(Bloomberg) — For some of the world’s biggest money managers, the OPEC+ oil-price feud is little more than a sideshow when it comes to emerging markets.
Investors and strategists at JPMorgan Chase & Co. (NYSE:) and Goldman Sachs Group Inc (NYSE:). say the post-pandemic economic recovery will stoke demand for raw materials across the board, buoying commodity-sensitive assets regardless of whether a crude accord is reached. Russia and Colombia are among the countries that stand to benefit in particular, according to Whitney Baker, the New York-based founder of Totem Macro, which advises funds overseeing more than $3 trillion.
“A generational opportunity exists today in many of the deepest-value emerging markets,” said Baker, the former head of emerging-market research at Bridgewater Associates. “Whether you export goods or whether you export commodities, you’re getting an external demand boom right now for pretty much whatever it is that you sell.”
Investors are looking beyond the spat between Saudi Arabia and the United Arab Emirates and the danger that 2020’s oil production free-for-all will be replayed. The global surge in demand for everything from to clothes as economies pick up steam amid the vaccine rollout will provide a backstop for many developing nations, they say.
OPEC+ Spat Is Not the Main Thing for EM Currencies Right Now
Cheap valuations and hawkish central banks will support currencies with the closest ties to oil’s moves should a slump in crude materialize. Front-loaded tightening cycles in Russia and Mexico make those countries’ currencies especially appealing, Chris Turner, the head of currency strategy at ING Groep (AS:) NV in London, said on Bloomberg TV.
That sentiment was echoed by Goldman strategists including Zach Pandl and Kamakshya Trivedi, who flagged value in Russia’s ruble, Mexico’s peso and Brazil’s real, despite the past week’s volatility.
While assets from Colombia, Mexico and Russia are historically among the most sensitive to swings in prices, the Colombian peso is down 11%, while the Mexican peso and Russian ruble are little changed this year, according to data compiled by Bloomberg. prices have climbed almost 50% year-to-date, despite the OPEC+ spat.
Pierre-Yves Bareau, the London-based head of emerging-market debt at JPMorgan Asset Management, highlighted the lag. The demand recovery will support commodities — currently trading near a six-year high — providing a positive backdrop for many assets in Latin America and the Gulf, he said.
But with the delta variant of Covid-19 spreading, others are less sanguine.
“The market thinks of emerging markets as the next vaccine trade — I don’t agree with that,” said Bhanu Baweja, the London-based chief strategist at UBS Group AG (SIX:), who is bearish on commodities.
A scenario where oil drops further could boost a net importer like Turkey, where the impact of commodity prices on inflation is particularly acute. The lira has slid 14% this year, the most in the world, as the country’s central bank juggles soaring prices and rate-cut demands from President Recep Tayyip Erdogan.
Should the outlook for oil darken, it could still favor Russia and Qatar over other exporters, given their valuations and sovereign fiscal resilience, said Hasnain Malik, Dubai-based head of research at Tellimer.
But for the next few months, sentiment on oil-sensitive emerging markets could be shored up by supportive factors for crude.
Jeff Currie, Goldman’s global head of commodities, said it’s “extremely unlikely” oil will unravel on the scale of last year’s collapse. A surge in demand during the northern hemisphere’s summer travel season and delays reaching an Iranian nuclear accord will keep crude around $80 per barrel in the third quarter, he said.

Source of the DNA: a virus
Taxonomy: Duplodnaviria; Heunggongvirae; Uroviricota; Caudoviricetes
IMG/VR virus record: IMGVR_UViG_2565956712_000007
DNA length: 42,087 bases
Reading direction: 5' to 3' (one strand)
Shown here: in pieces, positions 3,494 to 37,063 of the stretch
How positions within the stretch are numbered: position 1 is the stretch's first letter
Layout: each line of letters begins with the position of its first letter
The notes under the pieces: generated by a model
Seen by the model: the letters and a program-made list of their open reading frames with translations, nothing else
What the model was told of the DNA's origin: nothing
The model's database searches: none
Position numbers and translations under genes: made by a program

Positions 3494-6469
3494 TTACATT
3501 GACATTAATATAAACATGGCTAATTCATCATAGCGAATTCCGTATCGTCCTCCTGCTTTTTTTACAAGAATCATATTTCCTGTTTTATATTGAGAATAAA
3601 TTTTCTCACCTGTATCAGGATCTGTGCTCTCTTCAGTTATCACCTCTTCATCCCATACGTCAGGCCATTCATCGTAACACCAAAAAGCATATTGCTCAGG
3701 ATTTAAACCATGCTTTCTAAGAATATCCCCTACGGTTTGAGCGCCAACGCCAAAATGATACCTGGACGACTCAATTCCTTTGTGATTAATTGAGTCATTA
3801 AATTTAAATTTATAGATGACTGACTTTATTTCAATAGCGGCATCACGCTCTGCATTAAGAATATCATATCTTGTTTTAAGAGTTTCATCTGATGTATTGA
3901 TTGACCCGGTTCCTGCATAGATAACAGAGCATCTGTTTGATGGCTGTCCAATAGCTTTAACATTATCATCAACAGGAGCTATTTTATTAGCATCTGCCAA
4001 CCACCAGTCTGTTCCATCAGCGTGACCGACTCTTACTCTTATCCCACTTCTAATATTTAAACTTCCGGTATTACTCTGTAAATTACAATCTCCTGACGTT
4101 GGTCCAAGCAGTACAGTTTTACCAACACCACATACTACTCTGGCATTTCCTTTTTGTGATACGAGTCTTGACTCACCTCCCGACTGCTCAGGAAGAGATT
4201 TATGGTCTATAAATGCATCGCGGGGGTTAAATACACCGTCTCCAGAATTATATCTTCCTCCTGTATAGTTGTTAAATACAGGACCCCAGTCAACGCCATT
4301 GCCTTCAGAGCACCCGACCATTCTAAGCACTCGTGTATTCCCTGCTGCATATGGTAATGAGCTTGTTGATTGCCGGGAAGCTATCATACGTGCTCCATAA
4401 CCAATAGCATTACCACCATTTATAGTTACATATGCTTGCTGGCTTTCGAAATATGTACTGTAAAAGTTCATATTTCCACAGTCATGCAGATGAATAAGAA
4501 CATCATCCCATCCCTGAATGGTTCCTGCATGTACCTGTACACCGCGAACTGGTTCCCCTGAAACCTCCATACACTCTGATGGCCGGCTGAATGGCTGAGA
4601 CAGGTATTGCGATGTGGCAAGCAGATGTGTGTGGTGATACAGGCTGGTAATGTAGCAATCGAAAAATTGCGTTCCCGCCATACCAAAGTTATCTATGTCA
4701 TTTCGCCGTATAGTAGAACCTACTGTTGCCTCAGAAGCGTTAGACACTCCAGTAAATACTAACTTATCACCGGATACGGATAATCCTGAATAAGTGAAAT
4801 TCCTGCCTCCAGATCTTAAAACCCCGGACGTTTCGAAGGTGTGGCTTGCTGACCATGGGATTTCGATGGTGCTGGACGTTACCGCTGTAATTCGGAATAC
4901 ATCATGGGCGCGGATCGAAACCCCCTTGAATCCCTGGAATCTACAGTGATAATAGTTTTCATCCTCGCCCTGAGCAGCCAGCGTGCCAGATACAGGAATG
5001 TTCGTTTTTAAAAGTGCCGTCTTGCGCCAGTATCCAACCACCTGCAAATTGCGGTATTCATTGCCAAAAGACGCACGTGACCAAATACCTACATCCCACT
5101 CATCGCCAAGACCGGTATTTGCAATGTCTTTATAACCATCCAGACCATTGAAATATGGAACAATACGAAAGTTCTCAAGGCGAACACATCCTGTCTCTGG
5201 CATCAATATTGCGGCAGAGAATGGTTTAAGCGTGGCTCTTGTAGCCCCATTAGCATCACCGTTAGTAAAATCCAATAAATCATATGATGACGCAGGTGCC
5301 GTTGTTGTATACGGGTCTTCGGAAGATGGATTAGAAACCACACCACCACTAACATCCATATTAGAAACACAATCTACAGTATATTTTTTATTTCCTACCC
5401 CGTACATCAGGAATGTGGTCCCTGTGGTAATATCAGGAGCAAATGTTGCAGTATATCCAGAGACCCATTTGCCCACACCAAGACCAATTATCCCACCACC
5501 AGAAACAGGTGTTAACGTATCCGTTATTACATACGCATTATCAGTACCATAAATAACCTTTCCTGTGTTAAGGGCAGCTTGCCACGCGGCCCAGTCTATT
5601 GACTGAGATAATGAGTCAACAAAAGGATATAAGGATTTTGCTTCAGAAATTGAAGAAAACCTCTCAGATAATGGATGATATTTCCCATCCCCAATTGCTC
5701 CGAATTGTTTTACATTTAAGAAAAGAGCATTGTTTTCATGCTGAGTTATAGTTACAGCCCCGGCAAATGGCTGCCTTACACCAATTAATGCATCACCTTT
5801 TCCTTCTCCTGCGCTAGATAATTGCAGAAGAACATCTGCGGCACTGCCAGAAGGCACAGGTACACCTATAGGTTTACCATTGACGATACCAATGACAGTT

“The market environment we see today is probably one of the best in decades,” he said on Bloomberg TV.
- Bank of Korea will keep monetary policy on hold Thursday, according to all of the economists surveyed by Bloomberg. The monetary authority is only expected to start raising its benchmark rate in the fourth quarter, according to a separate survey
- Uncertainty over South Korea’s economic recovery is increasing following a spike in Covid-19 cases, prompting the government to raise social-distancing regulations in Seoul
- The won has fallen more than 5% this year
- Turkey will probably leave its benchmark rate unchanged on Wednesday, economists predict
- While President Erdogan signaled a possible rate cut in July or August, a higher-than-expected increase in consumer prices in June has reduced such a likelihood
Policy makers in Chile are likely to begin a tightening cycle at their meeting on Wednesday, joining Brazil and Mexico, which have already hiked rates to contain inflation
- A survey released Friday showed local traders expect a 25-basis-point increase in the key policy rate to 0.75%
China’s Cooling Growth
- China will announce second-quarter economic growth data on Thursday, with the numbers being keenly watched after the authorities took a dovish tilt last week. The People’s Bank of China on Friday announced an 0.5 percentage-point cut in the reserve requirement ratio for banks effective July 15
- “China’s recovery is entering a more advanced, stable stage — but one that will require deft policy management to navigate emerging risks,” according to Bloomberg Economics. “The rapid rebound early in 2021 from the Covid shock is set to give way to a slowdown over the rest of the year, restrained by production bottlenecks, softening exports and sluggish consumption”
- Economists surveyed by Bloomberg predict gross domestic product expanded 8% from a year earlier, compared with a record 18.3% in the previous three months
- China will release trade figures on Tuesday, while retail sales and industrial production data will be released with the GDP report on Thursday
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